Defining gene-phenotype relationships in Acinetobacter baumannii through one-step chromosomal gene inactivation.
Bottom Line: Analysis of A. baumannii cellular functions to identify potential targets for drug development has stalled due in part to laborious genetic techniques.Here we have pioneered a novel recombineering system that facilitates efficient genome editing in A. baumannii by single PCR products.This technology allows for rapid genome editing to quickly ascertain gene-phenotype relationships.
Affiliation: Department of Molecular Biosciences, University of Texas at Austin, Austin, Texas, USA.Show MeSH
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Mentions: To establish the relevance of this recombineering system in characterizing gene-phenotype relationships, we first focused on the well-studied response of bacteria to oxidative stress. Response to oxidative stress is important in order for bacteria to adapt and survive in the presence of biocides and antibiotics (15, 16). In E. coli, hydrogen peroxide triggers activation of the transcription factor OxyR, which induces expression of oxidative stress protection genes (17, 18). Deletion of oxyR in E. coli results in increased sensitivity to hydrogen peroxide. The protein A1S_0992 from A. baumannii strain 17978 shows 29% identity (E value, 2e−34) to E. coli OxyR by BLAST bioinformatics analysis, suggesting that A1S_0992 may play an OxyR-like role in A. baumannii. Consistent with studies of OxyR in E. coli, deletion of A1S_0992 using our recombineering system produced an A. baumannii strain that displays increased sensitivity to hydrogen peroxide (Fig. 3, top). Ectopic expression of A1S_0992 (oxyR) from a plasmid complements the mutant phenotype, demonstrating that A1S_0992 is very likely an OxyR homolog that plays an important role in oxidative stress protection in A. baumannii (Fig. 3, bottom).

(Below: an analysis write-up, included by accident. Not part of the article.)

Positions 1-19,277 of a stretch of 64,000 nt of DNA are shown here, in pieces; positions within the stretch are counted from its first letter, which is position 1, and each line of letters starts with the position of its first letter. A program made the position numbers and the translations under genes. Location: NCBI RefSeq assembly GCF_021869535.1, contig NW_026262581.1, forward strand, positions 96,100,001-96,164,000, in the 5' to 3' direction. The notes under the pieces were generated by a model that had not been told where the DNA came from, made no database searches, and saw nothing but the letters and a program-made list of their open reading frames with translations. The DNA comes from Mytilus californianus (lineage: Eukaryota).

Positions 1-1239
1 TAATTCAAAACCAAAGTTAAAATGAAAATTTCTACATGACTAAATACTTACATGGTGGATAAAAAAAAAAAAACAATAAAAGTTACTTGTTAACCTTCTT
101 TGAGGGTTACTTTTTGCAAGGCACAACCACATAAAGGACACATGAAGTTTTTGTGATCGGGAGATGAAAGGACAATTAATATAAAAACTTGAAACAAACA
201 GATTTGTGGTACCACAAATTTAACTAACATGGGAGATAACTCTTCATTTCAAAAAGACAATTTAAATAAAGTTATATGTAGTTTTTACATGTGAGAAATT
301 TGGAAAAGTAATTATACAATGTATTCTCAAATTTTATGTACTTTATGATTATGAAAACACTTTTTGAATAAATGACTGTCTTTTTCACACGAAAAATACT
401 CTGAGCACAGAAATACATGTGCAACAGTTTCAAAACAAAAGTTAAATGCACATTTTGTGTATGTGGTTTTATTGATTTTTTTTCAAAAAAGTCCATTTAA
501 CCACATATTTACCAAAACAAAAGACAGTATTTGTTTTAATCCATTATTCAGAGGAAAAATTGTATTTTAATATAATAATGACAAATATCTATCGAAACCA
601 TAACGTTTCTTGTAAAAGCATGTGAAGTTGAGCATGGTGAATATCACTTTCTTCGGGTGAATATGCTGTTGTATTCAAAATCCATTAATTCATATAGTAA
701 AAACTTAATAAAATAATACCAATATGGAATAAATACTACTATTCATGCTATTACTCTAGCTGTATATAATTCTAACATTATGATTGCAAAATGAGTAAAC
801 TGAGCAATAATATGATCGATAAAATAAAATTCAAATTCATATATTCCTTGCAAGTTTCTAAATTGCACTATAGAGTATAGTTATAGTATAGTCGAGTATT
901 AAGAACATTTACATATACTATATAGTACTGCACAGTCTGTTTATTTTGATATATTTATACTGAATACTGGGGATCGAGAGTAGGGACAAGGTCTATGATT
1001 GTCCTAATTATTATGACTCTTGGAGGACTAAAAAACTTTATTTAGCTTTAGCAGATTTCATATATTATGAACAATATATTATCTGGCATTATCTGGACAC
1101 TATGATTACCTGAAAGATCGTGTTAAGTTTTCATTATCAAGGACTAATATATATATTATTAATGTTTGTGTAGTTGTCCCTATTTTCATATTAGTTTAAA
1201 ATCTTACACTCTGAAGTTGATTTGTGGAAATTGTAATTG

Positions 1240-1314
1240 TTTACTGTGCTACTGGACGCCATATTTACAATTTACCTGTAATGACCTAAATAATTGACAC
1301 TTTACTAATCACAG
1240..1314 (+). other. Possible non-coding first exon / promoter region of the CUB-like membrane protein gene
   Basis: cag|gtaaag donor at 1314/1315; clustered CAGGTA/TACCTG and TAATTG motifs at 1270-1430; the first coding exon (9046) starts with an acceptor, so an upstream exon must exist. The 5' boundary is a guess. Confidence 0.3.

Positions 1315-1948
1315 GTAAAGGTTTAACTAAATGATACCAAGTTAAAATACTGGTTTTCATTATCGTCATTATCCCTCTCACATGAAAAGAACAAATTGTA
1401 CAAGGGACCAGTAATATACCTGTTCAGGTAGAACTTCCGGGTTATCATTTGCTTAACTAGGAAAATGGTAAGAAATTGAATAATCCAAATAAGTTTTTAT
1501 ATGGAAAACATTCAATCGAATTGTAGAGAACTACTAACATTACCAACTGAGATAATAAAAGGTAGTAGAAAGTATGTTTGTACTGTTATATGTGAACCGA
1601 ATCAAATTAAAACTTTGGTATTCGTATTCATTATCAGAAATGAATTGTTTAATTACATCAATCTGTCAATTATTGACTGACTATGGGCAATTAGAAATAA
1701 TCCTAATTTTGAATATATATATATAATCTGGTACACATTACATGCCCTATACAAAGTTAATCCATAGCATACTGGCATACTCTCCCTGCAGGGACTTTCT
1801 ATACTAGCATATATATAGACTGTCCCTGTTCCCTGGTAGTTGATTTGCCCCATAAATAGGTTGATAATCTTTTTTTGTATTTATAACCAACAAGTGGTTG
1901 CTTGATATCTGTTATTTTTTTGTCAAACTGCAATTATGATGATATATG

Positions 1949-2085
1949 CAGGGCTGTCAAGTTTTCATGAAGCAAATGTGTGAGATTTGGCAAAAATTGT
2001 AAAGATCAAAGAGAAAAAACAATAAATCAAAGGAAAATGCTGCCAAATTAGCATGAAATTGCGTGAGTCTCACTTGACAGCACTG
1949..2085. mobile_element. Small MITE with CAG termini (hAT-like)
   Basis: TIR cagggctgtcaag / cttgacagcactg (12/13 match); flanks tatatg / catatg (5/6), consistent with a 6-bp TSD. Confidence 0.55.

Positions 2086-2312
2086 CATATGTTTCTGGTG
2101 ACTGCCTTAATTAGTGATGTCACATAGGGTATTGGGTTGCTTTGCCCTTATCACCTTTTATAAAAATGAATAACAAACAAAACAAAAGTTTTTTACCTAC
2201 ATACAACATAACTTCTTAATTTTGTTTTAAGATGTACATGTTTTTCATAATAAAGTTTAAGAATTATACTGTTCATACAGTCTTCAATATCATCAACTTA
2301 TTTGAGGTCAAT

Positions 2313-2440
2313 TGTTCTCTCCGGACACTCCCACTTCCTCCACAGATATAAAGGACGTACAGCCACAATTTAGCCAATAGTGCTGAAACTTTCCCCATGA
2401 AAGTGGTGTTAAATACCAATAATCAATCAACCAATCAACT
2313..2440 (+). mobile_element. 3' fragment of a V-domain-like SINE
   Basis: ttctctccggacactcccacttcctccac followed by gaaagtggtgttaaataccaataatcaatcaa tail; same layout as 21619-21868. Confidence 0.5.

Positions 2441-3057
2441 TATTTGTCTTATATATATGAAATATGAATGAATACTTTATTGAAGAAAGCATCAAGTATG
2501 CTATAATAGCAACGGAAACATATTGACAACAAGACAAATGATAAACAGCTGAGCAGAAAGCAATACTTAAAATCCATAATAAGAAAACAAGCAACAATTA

Affiliation: Department of Molecular Biosciences, University of Texas at Austin, Austin, Texas, USA.